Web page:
Upon a careful reconsideration of the appellants' contention that the State Motor Vehicle Act of 1913 is the controlling law upon the subject and that it was error to give an instruction embodying the regulatory provisions of the city ordinance, we are constrained to confirm the opinion of the district court of appeal that the municipal ordinance in the respect noted was not inconsistent with the state law, but was valid and operative in the city of Los Angeles at the time of the plaintiff's injury. And this, we think, is so regardless of the question of whether or not the regulation of the traffic upon the streets of a city is a "municipal affair." Conceding that if there were in fact a conflict between the ordinance and the Motor Vehicle Act, the state law would prevail, still we find no conflict or inconsistency between the two enactments. The state law requires that a motor vehicle be operated with due care and caution when it overtakes a street-car which is stopping on a city street to receive or discharge passengers, and further provides that the vehicle shall be brought to a full stop if reasonably necessary for the safety of such passengers. The municipal ordinance requires that the vehicle shall in all cases be stopped at a distance of ten feet in the rear of the stopping street-car. The ordinance certainly does not attempt to make lawful the performance of any act forbidden by the state law. It follows that a conflict, if any, can exist only upon the theory that the ordinance prohibits that which is affirmatively authorized by the Motor Vehicle Act. In short, the appellants are placed under the necessity of contending that that act affirmatively authorizes motor vehicles to pass a stopping street-car in a city whenever the apparent risk involved in so doing would not deter an ordinarily prudent and careful driver. We do not so construe the statute.  Where the legislature has assumed to regulate a given course of conduct by prohibitory enactments, a municipality with subordinate power to act in the matter may make such new and additional regulations in aid and furtherance of the purpose of the general law as may seem fit and appropriate to the necessities of the particular locality and which are not in themselves unreasonable. Mr. Justice Henshaw stated in the case of In re Hoffman, 155 Cal. 114, 118, [132 Am. St. Rep. 75, 99 P. 517, 519], that the correctness of this principle cannot be doubted. He continues: "If the state should pass a law declaring it unlawful to erect a chimney of a height exceeding one hundred and fifty feet, would anyone seriously contend that a city of the state within the earthquake zone might not by ordinance, in the clear exercise of police power, for the benefit of its citizens, still further restrict the height of chimneys? Such, in principle, is the present case. The legislature has in effect declared that it shall be unlawful to sell milk containing less than eleven and five tenths per centum solids, three per centum of which solids shall be milk fat. An ordinance of a municipality requiring of the milk vended therein a larger percentage of solids, if not in its exactions unreasonable, does no violence to the law of the state. The state's declaration merely is that milk shall not be sold containing less than eleven and five-tenths per centum of solids, three per centum of which shall be milk fat. If the city of Los Angeles had provided that milk might be vended which contained less per centum of milk fats than that exacted by the state law, there would be presented a plain case of conflict. The municipality would be endeavoring to legalize that which the state had declared to be unlawful. But what the city has in fact done has been to impose not fewer but additional qualifications upon the milk which may be vended to its consumers. The state in its laws deals with all of its territory and all of its people. The exactions which it prescribes operate (except in municipal affairs) upon the people of the state, urban and rural, but it may often happen, and does often happen that the requirements which the state sees fit to impose may not be adequate to meet the demands of densely populated municipalities; so that it becomes proper and even necessary for municipalities to add to state regulations provisions adapted to their special requirements. Such is the nature of the legislation here questioned."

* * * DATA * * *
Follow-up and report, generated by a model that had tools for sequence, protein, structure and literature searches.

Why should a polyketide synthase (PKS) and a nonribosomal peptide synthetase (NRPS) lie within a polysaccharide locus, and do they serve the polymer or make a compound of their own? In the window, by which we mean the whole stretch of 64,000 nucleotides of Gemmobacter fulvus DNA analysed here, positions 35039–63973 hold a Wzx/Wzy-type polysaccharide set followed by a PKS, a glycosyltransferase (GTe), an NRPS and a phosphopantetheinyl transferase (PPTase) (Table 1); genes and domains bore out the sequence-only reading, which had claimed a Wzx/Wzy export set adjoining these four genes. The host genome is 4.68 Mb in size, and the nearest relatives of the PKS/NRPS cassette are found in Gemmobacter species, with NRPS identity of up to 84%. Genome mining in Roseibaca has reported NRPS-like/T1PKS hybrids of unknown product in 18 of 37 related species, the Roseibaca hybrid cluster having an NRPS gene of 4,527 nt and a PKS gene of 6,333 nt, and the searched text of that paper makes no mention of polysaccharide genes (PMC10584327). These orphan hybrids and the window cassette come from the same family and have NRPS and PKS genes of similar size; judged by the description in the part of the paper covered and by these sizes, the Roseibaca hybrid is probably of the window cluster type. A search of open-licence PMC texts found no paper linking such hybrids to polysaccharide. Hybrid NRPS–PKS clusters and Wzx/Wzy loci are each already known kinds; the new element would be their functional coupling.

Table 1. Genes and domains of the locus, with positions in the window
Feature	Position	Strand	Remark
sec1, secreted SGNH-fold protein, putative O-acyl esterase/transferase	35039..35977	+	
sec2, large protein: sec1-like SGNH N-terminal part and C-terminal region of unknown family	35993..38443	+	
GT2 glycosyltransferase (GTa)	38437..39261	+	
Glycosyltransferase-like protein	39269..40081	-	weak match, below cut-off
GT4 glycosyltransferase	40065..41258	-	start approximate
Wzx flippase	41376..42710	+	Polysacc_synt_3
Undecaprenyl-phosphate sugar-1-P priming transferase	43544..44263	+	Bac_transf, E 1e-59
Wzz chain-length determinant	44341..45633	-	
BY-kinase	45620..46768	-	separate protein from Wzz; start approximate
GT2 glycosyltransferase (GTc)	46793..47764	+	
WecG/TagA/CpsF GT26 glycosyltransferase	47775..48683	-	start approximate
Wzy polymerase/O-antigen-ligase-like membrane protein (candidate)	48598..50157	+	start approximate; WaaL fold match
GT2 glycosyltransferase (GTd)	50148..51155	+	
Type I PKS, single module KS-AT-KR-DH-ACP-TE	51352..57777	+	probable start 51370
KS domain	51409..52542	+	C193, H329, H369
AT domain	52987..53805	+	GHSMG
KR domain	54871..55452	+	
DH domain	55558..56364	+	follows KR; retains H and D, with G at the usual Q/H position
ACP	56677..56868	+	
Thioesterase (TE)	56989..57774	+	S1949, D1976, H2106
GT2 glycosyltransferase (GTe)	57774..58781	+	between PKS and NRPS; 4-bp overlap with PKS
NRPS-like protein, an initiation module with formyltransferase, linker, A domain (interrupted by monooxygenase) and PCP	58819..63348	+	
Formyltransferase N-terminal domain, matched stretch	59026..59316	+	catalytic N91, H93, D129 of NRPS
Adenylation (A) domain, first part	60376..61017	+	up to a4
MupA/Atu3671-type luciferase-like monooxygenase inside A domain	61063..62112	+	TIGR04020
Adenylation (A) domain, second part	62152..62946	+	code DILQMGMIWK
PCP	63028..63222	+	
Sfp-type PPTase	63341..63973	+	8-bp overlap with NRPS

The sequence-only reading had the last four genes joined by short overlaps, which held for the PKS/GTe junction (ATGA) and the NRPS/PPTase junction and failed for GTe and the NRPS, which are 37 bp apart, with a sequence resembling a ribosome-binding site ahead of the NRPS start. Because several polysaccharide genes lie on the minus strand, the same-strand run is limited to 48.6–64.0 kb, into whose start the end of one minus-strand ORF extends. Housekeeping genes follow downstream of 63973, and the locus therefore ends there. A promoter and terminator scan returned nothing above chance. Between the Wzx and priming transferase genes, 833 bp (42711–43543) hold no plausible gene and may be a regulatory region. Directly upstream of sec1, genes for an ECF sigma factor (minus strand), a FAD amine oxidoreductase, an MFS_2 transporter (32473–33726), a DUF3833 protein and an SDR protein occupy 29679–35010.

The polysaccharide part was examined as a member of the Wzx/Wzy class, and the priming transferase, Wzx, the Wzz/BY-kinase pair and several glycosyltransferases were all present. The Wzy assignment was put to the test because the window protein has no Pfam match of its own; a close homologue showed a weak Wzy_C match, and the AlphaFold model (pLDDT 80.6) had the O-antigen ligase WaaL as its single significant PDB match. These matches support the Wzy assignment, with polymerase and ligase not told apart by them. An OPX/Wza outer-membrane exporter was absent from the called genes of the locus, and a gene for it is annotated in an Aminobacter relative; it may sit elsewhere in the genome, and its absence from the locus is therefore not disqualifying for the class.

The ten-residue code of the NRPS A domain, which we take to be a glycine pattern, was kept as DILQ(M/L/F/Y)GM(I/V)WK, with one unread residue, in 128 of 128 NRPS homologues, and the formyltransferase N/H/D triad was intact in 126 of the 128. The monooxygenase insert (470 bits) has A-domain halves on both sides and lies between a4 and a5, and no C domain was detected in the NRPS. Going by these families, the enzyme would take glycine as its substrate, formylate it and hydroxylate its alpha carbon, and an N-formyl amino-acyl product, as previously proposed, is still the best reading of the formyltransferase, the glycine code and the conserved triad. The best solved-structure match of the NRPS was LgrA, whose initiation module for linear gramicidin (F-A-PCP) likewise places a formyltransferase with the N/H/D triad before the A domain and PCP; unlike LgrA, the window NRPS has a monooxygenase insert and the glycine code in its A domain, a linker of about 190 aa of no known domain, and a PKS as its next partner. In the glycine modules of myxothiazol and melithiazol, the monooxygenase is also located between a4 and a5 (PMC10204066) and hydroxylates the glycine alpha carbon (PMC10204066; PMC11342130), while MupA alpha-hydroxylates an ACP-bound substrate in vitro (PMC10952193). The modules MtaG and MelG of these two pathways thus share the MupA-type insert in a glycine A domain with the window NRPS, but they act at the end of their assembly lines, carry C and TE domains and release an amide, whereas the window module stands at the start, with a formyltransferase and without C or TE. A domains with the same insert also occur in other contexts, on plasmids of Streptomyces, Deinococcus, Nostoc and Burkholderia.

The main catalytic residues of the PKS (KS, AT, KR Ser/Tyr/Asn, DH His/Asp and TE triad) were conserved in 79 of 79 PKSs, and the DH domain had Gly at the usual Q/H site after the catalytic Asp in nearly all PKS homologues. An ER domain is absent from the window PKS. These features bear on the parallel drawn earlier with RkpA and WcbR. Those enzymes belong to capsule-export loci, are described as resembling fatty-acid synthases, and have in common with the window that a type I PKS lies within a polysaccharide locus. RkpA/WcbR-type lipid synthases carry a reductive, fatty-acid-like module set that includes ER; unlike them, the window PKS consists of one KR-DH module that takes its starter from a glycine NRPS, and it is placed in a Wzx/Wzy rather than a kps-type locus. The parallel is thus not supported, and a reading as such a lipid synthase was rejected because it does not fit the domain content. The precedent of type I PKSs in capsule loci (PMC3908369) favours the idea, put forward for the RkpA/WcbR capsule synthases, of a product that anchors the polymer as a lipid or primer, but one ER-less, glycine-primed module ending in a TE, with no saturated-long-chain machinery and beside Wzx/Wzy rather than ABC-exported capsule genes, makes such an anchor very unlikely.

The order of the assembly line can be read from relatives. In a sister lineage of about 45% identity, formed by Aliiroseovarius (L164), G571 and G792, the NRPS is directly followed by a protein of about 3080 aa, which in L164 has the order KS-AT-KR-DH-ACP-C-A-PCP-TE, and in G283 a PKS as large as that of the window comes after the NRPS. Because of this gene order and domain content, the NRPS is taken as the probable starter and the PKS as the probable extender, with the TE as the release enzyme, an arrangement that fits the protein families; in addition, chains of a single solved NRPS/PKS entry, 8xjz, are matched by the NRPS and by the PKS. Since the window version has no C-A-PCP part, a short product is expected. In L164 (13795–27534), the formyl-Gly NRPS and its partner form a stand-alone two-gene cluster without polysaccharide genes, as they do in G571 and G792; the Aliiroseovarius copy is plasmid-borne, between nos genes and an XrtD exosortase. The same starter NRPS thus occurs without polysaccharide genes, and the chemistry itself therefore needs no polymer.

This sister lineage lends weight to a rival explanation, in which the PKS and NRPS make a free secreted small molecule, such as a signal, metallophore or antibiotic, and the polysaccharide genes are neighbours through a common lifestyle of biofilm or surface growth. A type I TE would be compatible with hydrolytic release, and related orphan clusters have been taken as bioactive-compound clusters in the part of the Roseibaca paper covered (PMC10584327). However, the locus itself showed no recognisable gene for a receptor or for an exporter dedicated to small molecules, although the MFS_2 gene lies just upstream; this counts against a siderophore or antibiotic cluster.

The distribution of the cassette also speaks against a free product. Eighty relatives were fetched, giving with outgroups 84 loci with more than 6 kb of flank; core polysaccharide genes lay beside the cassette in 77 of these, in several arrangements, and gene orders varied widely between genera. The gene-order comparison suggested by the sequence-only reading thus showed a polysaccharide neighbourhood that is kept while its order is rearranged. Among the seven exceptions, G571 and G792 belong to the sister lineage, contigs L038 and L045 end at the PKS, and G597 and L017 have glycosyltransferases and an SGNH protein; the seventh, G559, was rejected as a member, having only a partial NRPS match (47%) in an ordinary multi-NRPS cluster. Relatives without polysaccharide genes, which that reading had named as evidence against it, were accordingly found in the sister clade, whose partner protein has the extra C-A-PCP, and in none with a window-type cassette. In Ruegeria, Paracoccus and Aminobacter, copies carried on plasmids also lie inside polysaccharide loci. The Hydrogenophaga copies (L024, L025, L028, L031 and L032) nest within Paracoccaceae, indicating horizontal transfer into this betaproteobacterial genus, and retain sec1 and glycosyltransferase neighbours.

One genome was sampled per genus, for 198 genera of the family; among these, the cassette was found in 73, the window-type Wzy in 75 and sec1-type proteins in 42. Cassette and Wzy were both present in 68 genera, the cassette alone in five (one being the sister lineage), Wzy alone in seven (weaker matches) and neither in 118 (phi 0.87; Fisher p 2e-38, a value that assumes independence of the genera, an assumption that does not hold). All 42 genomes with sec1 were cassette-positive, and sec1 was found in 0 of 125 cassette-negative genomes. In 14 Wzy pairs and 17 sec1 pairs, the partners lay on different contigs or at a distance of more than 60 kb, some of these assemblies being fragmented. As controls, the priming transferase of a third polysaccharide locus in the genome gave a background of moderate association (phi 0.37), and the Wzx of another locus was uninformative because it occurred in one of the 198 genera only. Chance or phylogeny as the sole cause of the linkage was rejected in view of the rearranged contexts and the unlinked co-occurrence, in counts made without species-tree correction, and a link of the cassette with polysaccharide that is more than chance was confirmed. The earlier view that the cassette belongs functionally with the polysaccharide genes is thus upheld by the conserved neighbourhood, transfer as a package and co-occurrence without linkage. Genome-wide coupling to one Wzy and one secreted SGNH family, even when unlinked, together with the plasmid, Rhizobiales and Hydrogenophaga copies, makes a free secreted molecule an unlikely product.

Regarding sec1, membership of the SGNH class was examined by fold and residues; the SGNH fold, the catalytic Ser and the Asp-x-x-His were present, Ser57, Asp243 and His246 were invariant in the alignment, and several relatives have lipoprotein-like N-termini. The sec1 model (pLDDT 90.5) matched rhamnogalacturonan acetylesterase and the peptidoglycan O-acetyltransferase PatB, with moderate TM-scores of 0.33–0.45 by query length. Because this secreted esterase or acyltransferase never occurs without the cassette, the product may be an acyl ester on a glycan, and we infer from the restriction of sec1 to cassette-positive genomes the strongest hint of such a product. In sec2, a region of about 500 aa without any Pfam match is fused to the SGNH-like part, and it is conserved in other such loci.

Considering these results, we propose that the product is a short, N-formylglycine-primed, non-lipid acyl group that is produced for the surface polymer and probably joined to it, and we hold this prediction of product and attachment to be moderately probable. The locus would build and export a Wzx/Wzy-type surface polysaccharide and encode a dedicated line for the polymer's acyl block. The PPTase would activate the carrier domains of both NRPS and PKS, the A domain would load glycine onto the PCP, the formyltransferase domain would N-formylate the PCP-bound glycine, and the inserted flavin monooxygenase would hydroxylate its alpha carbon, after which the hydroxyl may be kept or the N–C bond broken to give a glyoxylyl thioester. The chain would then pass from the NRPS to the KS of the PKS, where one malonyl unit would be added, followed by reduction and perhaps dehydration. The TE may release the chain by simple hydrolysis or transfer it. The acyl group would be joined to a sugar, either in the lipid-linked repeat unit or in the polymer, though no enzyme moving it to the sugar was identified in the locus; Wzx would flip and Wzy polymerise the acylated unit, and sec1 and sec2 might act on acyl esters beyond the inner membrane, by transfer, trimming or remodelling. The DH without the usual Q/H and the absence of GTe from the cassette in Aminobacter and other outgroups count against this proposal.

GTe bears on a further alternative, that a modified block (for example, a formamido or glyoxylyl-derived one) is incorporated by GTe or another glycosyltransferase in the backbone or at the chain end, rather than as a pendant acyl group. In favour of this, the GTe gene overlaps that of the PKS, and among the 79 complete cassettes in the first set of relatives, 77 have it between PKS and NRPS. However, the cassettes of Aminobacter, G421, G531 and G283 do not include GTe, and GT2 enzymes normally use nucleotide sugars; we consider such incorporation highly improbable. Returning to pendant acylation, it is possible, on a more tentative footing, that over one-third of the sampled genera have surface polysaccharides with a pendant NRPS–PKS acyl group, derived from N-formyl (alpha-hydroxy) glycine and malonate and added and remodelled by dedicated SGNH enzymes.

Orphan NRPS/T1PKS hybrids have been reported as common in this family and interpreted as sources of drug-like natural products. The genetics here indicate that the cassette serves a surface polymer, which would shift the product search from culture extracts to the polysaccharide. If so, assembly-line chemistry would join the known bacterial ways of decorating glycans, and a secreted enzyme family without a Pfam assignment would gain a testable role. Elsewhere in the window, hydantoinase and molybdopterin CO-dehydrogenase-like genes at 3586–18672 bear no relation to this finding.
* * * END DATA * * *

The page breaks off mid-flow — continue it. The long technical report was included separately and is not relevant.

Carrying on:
It is true that in the case of In re Hoffman, supra, the state statute therein considered was general in its terms and made no distinction between regulations applicable in urban and those applicable in rural communities, whereas the Motor Vehicle Act makes express provision that certain rules shall apply in business districts, that other rules shall apply in territory which is closely built up and that still different rules shall apply in country districts. But it does not follow that, because the legislature has seen fit to distinguish in the operation of the act between urban and rural communities and to make certain general rules applicable in all of the cities of the state, it has thereby impliedly prohibited the enactment of additional local regulations by municipalities in keeping with the purpose of the general law. The question whether the legislature has undertaken to occupy exclusively a given field of legislation is, we think, to be determined in every cue upon an analysis of the statute and of the facts and circumstances upon which it was intended to operate. Such was the analysis made in the case of In re Hoffman, supra. The opinion of this court in Ex parte Hong Shen, 98 Cal. 681, 684, [33 P. 799, 800], was based upon the same process of reasoning. There it was said: